In the third section of the book, the authors discuss promising sectors such as pharmaceuticals, textiles, agriculture, electronics, chemicals, energy, petrochemicals, trade, and tourism. Pharmaceutical products represent the most significant component of Indian exports to the Central Asia Region (p.71). The authors suggest that a small discount on air freight costs for exporters can strengthen India’s position in the regional market, facilitating growth and market expansion (p.78). Also, the concerned Indian Missions and offices are to be sensitised about the importance of strengthening trade relations.

Securing uranium imports from Central Asia has been vital for India’s energy needs; however, on the other hand,  the TAPI gas pipeline project faces significant challenges (p.172). Geographical constraints have posed major obstacles in implementing oil and gas projects from Central Asia to India. India has untapped collaborative potential in technology exchange and manufacturing partnerships with Uzbekistan and Kyrgyzstan (p.133). For instance, high-quality engineering units like the Tungsten Alloy plant in Uzbekistan could establish joint ventures in India, producing tools with sourced raw materials initially from Uzbekistan and later recycling the products for materials. This initiative could reduce dependence on Chinese imports.

Additionally, the burgeoning field of Medical Tourism presents a significant opportunity (p.198). Central Asian nations look forward to the specialised medical services offered by Indian cities like Delhi and Mumbai. Facilitating regular flights and visas could enhance this collaboration, while Indian medical teams’ rotational presence would aid training and hence boost medical exports to the region.

Granting preferential trade partner status to Central Asian states could significantly boost trade volumes, enabling India to effectively counter China in various regional markets. Until such time as preferential or free trade agreements are finalised, it might be worthwhile to explore mutually advantageous trade privileges with these Central Asian nations (Kumar & Tripathi, 2020). These measures could serve as a counterbalance to China’s prevailing trade influence in the region. By favouring the Central Asian Republics with preferential trade status, there is an opportunity to enhance the direct import of their products into India, thereby fortifying economic connections and also benefiting Afghanistan as a key transit route. India’s exports, including tea, medicines, garments, and engineering goods, would also be boosted. With a trade agreement, India could compete in new sectors like steel exports to Central Asia, potentially gaining a significant market share if provided with a duty drawback for at least five years.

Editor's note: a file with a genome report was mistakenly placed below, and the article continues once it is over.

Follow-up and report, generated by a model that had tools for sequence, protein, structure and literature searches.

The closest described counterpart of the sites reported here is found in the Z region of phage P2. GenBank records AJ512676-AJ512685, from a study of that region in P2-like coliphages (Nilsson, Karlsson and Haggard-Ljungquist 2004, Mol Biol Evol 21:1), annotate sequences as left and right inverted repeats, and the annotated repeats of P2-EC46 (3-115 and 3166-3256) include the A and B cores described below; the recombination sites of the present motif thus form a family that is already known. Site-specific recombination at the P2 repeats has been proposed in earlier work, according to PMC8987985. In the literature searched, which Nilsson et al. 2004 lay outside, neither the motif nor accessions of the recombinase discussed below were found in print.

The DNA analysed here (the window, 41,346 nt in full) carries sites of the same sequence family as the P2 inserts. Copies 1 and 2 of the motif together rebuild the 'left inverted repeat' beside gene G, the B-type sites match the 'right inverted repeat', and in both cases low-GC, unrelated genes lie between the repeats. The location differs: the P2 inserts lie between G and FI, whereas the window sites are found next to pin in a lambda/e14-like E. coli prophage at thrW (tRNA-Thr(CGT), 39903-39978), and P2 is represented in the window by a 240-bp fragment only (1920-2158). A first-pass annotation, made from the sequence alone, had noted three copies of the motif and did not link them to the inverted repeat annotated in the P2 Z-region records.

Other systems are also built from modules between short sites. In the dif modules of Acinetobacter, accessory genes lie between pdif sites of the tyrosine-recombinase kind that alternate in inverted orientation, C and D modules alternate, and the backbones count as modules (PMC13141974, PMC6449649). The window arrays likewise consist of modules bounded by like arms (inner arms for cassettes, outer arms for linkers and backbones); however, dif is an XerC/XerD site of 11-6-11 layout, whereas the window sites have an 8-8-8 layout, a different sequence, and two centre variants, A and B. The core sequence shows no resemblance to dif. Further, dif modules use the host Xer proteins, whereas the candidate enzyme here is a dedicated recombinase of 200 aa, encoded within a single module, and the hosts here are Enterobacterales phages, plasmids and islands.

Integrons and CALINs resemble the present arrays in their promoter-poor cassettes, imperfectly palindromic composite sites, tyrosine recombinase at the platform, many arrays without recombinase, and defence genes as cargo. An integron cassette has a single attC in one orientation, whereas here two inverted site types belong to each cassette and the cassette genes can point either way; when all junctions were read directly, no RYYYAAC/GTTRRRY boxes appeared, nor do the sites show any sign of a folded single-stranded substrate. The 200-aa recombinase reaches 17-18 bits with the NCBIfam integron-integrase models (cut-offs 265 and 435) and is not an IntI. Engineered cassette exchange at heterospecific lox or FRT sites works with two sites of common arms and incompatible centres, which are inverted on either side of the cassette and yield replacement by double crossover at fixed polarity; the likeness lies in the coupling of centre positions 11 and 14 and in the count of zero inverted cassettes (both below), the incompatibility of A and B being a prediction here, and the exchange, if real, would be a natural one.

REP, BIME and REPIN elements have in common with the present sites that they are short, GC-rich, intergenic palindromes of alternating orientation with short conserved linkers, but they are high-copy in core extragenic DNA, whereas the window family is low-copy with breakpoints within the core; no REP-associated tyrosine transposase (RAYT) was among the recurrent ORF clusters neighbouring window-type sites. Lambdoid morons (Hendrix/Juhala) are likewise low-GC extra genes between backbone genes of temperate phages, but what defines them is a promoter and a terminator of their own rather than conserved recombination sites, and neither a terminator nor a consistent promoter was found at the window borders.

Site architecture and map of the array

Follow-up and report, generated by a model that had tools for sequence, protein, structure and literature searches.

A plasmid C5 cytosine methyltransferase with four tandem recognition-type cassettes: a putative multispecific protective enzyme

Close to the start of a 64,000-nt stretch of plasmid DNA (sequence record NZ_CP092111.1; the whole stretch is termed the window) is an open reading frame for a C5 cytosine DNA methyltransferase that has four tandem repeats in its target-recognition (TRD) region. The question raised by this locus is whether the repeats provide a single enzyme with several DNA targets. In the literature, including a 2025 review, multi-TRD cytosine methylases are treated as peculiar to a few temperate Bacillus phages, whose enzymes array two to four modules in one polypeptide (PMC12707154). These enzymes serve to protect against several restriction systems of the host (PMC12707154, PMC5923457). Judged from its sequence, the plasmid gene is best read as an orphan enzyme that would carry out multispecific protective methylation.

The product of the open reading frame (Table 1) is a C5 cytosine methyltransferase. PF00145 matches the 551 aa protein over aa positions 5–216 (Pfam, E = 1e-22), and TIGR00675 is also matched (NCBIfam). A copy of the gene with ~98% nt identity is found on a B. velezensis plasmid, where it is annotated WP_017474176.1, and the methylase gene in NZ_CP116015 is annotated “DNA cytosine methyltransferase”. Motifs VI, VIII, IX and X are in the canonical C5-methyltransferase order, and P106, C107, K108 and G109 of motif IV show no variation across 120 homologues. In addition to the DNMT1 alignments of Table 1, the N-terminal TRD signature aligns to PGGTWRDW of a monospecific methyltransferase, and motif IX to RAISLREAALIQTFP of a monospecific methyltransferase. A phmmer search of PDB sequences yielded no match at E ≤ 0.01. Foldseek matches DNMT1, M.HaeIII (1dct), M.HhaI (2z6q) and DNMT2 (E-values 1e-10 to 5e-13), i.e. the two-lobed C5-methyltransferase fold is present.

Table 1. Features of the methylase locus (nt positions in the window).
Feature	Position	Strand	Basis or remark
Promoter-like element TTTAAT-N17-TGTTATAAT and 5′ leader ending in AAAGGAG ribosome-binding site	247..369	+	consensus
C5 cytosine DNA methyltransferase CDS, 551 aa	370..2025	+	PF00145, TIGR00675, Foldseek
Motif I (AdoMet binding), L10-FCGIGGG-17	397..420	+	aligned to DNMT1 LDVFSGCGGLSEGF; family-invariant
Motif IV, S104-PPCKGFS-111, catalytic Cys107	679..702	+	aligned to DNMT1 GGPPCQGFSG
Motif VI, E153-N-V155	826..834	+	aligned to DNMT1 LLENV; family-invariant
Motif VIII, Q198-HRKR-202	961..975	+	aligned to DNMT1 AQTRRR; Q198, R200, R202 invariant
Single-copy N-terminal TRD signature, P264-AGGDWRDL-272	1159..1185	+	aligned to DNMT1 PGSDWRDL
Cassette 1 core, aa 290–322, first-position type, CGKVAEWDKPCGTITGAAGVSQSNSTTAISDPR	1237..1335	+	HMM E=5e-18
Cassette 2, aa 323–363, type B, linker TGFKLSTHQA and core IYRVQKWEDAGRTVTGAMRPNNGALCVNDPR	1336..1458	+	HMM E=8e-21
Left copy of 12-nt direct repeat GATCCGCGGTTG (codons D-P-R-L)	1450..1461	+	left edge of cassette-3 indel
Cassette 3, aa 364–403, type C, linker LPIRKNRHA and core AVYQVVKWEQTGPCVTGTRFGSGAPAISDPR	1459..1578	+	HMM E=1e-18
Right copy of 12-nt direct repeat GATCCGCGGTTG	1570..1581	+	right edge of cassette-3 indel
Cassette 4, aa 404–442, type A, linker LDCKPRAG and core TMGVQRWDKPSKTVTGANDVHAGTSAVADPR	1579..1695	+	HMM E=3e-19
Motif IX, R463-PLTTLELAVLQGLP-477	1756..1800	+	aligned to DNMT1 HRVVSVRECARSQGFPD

This book thoroughly examines the intricate challenges and opportunities within India’s trade relations with Central Asia. Although it primarily focuses on trade and might lack a geopolitical perspective, it compensates by providing up-to-date and relevant data. Notably, it offers valuable suggestions and recommendations, a dimension that often needs to be addressed by academics. This book is not just a resource for policymakers and scholars but also sparks innovative thinking about regional collaborations. Its comprehensive analysis and forward-looking proposals make it an essential reference, shaping discussions about India’s future partnerships in the ever-changing Central Asian landscape.

To sum up, the book is crafted with elegance, bold imagination, and skilful execution. While it occasionally lacks precision in its concepts and recommendations, it gains from the reader’s tendency to intuitively fill these gaps. To engage a broader readership, it will be essential to articulate our vision with greater clarity. This book sets a new standard in its field by blending approachable language with ambitious solutions, and challenging future works to match its level of contribution.

Works cited:

Kumar, S. & Tripathi, P. (2020). Strengthening India-Central Asia Relations: An Approach. ICWA. Retrieved November 2023 from https://www.icwa.in/show_content.php?lang=1&level=3&ls_id=5329&lid=3755